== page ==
By the way, they have only seen Star Wars ONE time! But they were able to memorize the entire movie during that viewing and then they reinforce their memories by looking at coloring books, early readers and anything Star Wars related they can find.

Note that it's not just the youngest member of the family who thinks the word is "hykerspeed".


video

she thought she was running

"I saw this lady and she was actually walking," my 6-year-old said.

"She thought she was running. She was moving her arms like this," he said, pumping his arms.

"But she was actually walking."

Oh, honey. I'm sure a lot of 6 year olds have said the same thing about Mommy.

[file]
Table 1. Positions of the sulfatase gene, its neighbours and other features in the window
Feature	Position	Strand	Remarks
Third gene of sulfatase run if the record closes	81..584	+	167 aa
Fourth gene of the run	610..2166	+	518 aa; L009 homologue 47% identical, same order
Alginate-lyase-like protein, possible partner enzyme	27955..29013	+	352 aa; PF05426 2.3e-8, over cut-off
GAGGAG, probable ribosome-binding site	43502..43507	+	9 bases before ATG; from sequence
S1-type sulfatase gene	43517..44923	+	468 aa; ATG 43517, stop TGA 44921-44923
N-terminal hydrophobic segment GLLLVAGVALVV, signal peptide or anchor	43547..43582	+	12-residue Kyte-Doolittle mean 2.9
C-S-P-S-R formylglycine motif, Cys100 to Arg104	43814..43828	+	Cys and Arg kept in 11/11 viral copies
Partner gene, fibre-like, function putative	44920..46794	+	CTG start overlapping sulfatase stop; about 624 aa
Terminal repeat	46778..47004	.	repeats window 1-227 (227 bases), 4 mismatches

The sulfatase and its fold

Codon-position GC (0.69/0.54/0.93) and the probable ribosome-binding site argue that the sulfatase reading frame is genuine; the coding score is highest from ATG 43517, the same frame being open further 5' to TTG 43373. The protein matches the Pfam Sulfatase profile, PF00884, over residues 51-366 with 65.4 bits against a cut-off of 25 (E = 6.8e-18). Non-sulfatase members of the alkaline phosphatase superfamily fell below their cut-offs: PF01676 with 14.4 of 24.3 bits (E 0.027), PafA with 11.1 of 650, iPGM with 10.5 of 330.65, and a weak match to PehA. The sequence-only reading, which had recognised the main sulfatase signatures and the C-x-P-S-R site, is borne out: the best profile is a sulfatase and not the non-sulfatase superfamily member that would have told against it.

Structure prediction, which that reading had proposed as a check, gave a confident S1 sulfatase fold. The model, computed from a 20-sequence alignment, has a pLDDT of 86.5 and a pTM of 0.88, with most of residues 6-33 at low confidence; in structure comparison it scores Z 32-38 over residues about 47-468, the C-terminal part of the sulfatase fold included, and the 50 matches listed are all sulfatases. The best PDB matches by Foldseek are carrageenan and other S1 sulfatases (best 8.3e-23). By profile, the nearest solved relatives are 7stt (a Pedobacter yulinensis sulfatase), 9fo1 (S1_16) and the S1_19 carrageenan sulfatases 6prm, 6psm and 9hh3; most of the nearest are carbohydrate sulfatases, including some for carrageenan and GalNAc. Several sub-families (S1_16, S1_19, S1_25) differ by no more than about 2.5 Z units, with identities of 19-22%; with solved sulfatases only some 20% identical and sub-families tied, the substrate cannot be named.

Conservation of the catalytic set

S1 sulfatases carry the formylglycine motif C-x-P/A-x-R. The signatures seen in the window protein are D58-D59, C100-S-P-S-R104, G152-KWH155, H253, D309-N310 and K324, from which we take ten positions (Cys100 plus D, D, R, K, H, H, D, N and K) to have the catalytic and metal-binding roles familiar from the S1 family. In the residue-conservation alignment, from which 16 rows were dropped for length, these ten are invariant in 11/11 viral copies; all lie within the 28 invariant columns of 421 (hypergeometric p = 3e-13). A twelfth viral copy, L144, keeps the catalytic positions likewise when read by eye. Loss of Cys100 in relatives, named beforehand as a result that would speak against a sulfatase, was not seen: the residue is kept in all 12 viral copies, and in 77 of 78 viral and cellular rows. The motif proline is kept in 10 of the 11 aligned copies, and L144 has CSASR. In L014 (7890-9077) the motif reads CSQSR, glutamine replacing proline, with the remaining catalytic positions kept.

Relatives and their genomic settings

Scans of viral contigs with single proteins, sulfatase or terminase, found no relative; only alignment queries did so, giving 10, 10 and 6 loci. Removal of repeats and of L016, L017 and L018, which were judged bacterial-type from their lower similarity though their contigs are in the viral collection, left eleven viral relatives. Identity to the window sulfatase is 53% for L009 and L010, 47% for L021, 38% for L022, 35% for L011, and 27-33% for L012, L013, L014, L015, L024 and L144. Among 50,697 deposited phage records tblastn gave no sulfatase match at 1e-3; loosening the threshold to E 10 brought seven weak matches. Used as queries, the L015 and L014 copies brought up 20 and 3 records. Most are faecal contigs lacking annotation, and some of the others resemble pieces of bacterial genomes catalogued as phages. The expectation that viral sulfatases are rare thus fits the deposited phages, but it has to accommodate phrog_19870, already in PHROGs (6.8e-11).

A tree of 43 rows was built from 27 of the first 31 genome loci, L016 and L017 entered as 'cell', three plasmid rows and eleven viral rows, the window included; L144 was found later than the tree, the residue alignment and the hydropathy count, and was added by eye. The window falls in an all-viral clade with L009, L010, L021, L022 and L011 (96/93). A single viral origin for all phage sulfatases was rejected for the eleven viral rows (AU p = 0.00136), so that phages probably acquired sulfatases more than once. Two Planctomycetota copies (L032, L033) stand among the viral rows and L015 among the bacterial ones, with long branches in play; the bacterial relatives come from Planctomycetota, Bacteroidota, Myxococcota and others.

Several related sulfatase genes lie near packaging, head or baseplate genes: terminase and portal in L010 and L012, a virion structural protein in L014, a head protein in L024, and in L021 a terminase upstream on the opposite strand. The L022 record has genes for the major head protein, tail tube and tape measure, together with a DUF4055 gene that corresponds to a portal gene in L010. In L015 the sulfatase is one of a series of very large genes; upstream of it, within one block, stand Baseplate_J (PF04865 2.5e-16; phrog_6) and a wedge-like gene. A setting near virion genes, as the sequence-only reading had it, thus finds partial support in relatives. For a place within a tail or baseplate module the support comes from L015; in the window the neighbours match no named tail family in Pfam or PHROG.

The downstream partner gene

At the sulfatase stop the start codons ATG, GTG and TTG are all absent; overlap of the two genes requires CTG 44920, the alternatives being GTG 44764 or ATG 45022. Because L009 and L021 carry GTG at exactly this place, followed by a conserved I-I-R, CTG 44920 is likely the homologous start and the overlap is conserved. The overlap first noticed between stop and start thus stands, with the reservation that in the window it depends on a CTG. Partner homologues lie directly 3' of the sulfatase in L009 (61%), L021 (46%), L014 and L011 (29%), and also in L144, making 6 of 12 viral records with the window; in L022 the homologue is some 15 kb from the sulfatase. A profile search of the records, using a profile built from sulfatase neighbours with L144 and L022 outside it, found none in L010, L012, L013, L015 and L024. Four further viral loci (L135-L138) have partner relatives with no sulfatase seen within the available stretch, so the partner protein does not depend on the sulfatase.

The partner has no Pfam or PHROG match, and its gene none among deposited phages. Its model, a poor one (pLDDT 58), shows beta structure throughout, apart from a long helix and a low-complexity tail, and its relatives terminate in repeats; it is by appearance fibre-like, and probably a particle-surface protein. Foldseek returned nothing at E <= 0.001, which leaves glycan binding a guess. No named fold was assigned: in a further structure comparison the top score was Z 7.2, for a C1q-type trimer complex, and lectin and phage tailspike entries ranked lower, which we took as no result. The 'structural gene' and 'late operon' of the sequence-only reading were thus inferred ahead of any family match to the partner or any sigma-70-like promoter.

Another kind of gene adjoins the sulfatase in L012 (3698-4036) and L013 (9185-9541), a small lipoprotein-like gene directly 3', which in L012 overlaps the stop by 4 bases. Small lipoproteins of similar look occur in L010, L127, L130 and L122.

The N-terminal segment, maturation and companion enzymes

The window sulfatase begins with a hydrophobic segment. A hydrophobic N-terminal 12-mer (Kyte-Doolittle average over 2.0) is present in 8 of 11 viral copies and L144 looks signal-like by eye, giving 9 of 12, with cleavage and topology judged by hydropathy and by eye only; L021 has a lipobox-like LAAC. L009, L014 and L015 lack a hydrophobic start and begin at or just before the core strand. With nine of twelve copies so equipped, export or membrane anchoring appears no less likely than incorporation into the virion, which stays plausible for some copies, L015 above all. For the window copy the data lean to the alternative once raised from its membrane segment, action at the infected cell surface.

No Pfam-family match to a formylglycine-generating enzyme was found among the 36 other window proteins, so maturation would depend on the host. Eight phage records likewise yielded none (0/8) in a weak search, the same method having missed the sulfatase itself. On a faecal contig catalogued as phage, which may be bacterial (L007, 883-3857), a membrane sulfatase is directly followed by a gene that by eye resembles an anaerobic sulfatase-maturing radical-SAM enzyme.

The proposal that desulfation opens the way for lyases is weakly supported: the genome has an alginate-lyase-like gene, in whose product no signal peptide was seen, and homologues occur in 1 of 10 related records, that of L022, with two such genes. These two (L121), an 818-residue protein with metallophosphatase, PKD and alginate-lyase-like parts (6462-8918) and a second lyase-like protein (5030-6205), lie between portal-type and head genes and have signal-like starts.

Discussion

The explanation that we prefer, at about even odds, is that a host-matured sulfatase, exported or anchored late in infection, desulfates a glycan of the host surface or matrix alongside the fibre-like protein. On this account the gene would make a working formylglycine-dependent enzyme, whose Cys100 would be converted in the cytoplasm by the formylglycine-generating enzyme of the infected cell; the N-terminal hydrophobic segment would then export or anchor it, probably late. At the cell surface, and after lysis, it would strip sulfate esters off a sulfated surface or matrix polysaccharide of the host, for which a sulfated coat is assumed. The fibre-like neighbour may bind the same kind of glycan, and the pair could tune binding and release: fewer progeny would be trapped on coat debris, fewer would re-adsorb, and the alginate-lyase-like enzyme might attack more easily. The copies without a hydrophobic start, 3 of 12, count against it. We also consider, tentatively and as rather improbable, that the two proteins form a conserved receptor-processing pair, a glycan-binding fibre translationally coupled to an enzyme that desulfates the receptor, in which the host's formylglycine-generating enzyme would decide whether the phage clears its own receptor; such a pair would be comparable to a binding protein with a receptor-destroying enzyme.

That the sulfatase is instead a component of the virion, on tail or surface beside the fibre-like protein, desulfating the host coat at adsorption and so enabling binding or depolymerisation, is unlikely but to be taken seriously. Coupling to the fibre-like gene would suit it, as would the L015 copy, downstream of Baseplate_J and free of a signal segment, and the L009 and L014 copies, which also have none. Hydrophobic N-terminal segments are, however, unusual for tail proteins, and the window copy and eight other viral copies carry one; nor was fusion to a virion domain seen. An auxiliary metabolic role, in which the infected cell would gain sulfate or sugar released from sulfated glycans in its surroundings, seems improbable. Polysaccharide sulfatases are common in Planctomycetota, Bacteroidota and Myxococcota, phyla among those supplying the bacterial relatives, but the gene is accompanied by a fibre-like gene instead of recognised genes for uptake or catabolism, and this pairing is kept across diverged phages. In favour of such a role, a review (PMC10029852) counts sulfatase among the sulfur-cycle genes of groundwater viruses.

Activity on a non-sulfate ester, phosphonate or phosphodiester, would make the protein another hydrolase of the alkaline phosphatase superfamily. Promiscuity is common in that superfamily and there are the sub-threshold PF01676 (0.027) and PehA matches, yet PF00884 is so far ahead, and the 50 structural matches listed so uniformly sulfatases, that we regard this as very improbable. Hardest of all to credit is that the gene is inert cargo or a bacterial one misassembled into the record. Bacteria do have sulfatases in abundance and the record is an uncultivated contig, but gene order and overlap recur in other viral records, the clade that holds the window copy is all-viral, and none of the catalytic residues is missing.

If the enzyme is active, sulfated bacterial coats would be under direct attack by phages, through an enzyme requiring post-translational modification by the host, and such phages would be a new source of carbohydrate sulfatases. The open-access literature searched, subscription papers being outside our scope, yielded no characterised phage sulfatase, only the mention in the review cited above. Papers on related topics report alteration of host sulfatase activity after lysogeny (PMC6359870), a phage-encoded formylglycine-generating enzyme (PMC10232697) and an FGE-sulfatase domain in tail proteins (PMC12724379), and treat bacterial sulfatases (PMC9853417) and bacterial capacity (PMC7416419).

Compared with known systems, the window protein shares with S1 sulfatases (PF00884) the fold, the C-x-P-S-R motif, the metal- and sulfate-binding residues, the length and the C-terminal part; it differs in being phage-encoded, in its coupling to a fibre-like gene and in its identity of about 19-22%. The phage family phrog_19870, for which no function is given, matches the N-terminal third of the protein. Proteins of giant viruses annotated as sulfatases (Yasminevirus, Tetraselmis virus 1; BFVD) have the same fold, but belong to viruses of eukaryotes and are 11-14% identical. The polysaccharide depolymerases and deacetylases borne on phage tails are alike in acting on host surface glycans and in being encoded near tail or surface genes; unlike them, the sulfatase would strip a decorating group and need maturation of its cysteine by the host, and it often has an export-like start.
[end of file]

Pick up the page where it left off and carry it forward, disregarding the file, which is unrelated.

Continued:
Thursday, October 23, 2008

back on solid ground

I decided I better update my blog quickly before some poor soul stumbled across my boy scout entry and assumed I was huddled on the floor holding my hands over my ears, screaming at the sound of my ringing phone.

As the saying goes, "Joy comes in the morning." And it's always true, isn't it?

I haven't fallen over the edge. I'm not struggling to keep my head afloat. I'm back up on solid ground, and the last day or so has been great!

I thought about deleting the evidence of my insanity. But I figured that wouldn't be fair. I think that breaks some rule of blogging. Once you have admitted online that you are a normal person, you have to just go with it. No deleting.